One of the most important relationships a family can cultivate is with their babysitter. Leaving your precious children in the care of another is an anxiety-invoking prospect. You want to make sure that the person you charge them with will maintain consistency with your parenting style and the children’s environment, particularly if they are coming into your home. In short, you want someone who will care for your children the way you do, but it is a tall order.
How does one go about finding someone who fits the bill? You tell me because I surely DO NOT know! As a child of a single working parent and a working mother myself, I have seen some doosies and have sometimes gotten lucky too.
The names have been changed to protect the innocent, as well as the guilty, but here are a couple horror nannies from my childhood.
Miss Johnson – My mom first went down the live-in housekeeper/babysitter route. When this woman appeared at our door – no kidding – she was dressed in full uniform - pressed and starched – apron, cap and all. Before she would sit anywhere in our house, she would set a towel down for fear that she would pick up germs from our miniature schnauzer. I remember her as stern and strict and as old as dirt. She would make us pick lint off of the carpets so that she wouldn’t have to vacuum. Then, within a week or two, she disappeared in the middle of the night with all my mom’s silver. I’m completely serious.
Belinda – This woman was the direct opposite of Miss Johnson. Not only was she not strict, she did not lift a finger in the house. Her idea of entertaining us was to take us for a ride in the car. Then we would sit and wait for her while she visited her boyfriend. She would make a big pot of watered down soup from which she would feed us all week. We called her “Chicken Belinda Soup.” I shudder as I can still see her hovering over the stove with a cigarette hanging out of her mouth. Needless to say she didn’t last long.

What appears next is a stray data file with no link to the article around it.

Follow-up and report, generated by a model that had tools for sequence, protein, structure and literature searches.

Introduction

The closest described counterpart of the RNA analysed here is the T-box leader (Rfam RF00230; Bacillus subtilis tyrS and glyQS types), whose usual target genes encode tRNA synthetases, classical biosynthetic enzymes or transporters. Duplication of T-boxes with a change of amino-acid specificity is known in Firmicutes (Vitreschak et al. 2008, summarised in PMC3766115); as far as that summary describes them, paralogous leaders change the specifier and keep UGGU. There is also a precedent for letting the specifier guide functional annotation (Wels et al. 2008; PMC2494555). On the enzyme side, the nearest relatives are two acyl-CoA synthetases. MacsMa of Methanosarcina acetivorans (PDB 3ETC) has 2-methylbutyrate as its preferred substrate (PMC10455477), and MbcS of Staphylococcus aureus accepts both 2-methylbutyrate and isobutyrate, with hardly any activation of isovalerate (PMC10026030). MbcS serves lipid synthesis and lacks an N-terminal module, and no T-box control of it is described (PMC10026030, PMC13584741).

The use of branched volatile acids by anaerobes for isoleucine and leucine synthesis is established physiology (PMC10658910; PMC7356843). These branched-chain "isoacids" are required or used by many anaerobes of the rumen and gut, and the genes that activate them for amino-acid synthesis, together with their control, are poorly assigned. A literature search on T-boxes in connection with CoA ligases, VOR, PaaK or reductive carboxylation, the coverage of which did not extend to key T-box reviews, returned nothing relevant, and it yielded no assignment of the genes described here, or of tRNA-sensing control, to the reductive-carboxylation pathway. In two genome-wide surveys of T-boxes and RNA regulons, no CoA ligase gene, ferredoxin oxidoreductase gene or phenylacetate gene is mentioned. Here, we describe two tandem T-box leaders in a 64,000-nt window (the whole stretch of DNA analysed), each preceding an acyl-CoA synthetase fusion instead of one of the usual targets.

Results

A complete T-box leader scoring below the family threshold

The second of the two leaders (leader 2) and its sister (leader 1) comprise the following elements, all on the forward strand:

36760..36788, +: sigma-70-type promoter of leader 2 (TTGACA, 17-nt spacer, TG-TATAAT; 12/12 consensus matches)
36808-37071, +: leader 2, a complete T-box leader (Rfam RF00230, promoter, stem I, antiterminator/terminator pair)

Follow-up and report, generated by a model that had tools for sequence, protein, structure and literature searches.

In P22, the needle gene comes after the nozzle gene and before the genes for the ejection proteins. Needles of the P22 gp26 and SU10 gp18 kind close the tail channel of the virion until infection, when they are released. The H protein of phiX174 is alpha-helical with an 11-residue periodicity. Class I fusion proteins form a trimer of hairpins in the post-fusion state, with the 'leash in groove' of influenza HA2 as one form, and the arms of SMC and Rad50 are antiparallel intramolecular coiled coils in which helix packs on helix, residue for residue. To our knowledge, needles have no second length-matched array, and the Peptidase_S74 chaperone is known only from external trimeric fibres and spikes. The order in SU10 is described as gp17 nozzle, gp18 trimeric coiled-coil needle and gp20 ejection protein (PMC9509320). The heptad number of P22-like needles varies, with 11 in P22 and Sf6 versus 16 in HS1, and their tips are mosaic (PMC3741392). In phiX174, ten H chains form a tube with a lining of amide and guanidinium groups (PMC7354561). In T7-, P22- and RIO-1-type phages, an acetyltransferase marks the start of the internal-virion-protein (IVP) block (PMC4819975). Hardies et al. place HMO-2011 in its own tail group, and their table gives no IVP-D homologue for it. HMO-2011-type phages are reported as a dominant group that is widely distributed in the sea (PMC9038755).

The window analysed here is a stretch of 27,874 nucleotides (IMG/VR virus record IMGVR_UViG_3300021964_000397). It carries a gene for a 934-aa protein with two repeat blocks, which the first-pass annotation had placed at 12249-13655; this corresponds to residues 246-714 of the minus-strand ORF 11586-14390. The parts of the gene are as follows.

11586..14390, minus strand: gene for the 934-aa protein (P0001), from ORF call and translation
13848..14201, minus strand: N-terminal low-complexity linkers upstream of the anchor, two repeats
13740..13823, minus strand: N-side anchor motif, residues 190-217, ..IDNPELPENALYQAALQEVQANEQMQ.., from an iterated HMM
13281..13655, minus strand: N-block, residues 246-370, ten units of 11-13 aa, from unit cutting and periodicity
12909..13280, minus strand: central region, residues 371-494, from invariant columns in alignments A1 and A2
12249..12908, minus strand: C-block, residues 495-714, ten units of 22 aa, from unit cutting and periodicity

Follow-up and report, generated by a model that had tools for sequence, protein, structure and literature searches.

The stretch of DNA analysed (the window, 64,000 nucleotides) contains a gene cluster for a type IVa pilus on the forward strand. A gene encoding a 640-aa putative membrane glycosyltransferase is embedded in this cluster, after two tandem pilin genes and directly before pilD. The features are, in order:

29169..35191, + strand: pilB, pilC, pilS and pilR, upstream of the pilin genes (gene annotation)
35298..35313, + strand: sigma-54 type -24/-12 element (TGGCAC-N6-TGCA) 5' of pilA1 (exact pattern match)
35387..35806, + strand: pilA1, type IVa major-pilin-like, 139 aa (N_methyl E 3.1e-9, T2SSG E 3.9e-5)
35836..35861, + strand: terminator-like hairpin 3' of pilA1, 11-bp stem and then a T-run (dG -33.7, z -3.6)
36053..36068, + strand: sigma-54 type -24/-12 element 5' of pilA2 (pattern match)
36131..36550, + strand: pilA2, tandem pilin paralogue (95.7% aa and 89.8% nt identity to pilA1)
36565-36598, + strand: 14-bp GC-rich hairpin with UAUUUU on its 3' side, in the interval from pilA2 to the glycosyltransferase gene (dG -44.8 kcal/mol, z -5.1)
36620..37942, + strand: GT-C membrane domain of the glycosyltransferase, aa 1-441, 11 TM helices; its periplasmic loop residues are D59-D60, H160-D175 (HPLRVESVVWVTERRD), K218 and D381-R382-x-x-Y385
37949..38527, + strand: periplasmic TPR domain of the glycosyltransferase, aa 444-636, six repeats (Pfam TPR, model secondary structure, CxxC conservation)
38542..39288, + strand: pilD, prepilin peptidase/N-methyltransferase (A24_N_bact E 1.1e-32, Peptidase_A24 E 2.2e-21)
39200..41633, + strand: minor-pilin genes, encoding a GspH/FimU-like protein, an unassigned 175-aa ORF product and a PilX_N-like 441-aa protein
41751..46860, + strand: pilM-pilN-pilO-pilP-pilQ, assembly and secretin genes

Another charmer was Mrs. Jacobs who (if she did come) was always late. Then she would engage my mom in conversation, making her further late for work. After mom would leave, she would talk on the phone and watch television all day. We were instructed to either play outside or stay in our room. One day the police returned my 3-year old brother and his tricycle after finding him on the other side of town. Her reply: “I thought I told you to stay in your room!”
Thankfully, it was a little easier for me as a mom trying to find reliable care. I was not limited to finding individual babysitters due to the higher prevalence of day care programs. I did also go through plenty of in-home babysitters, especially after my kids were in school. Every summer re-presented the same challenge. One of our most dear babysitters was AnnieLou who became like a member of our family. We all loved her and she loved us. It’s priceless to know you are leaving your kids with a trusted person who wants to be with them and loves them. I will always look back on those days with AnnieLou with a smile.
What are some of your babysitter stories?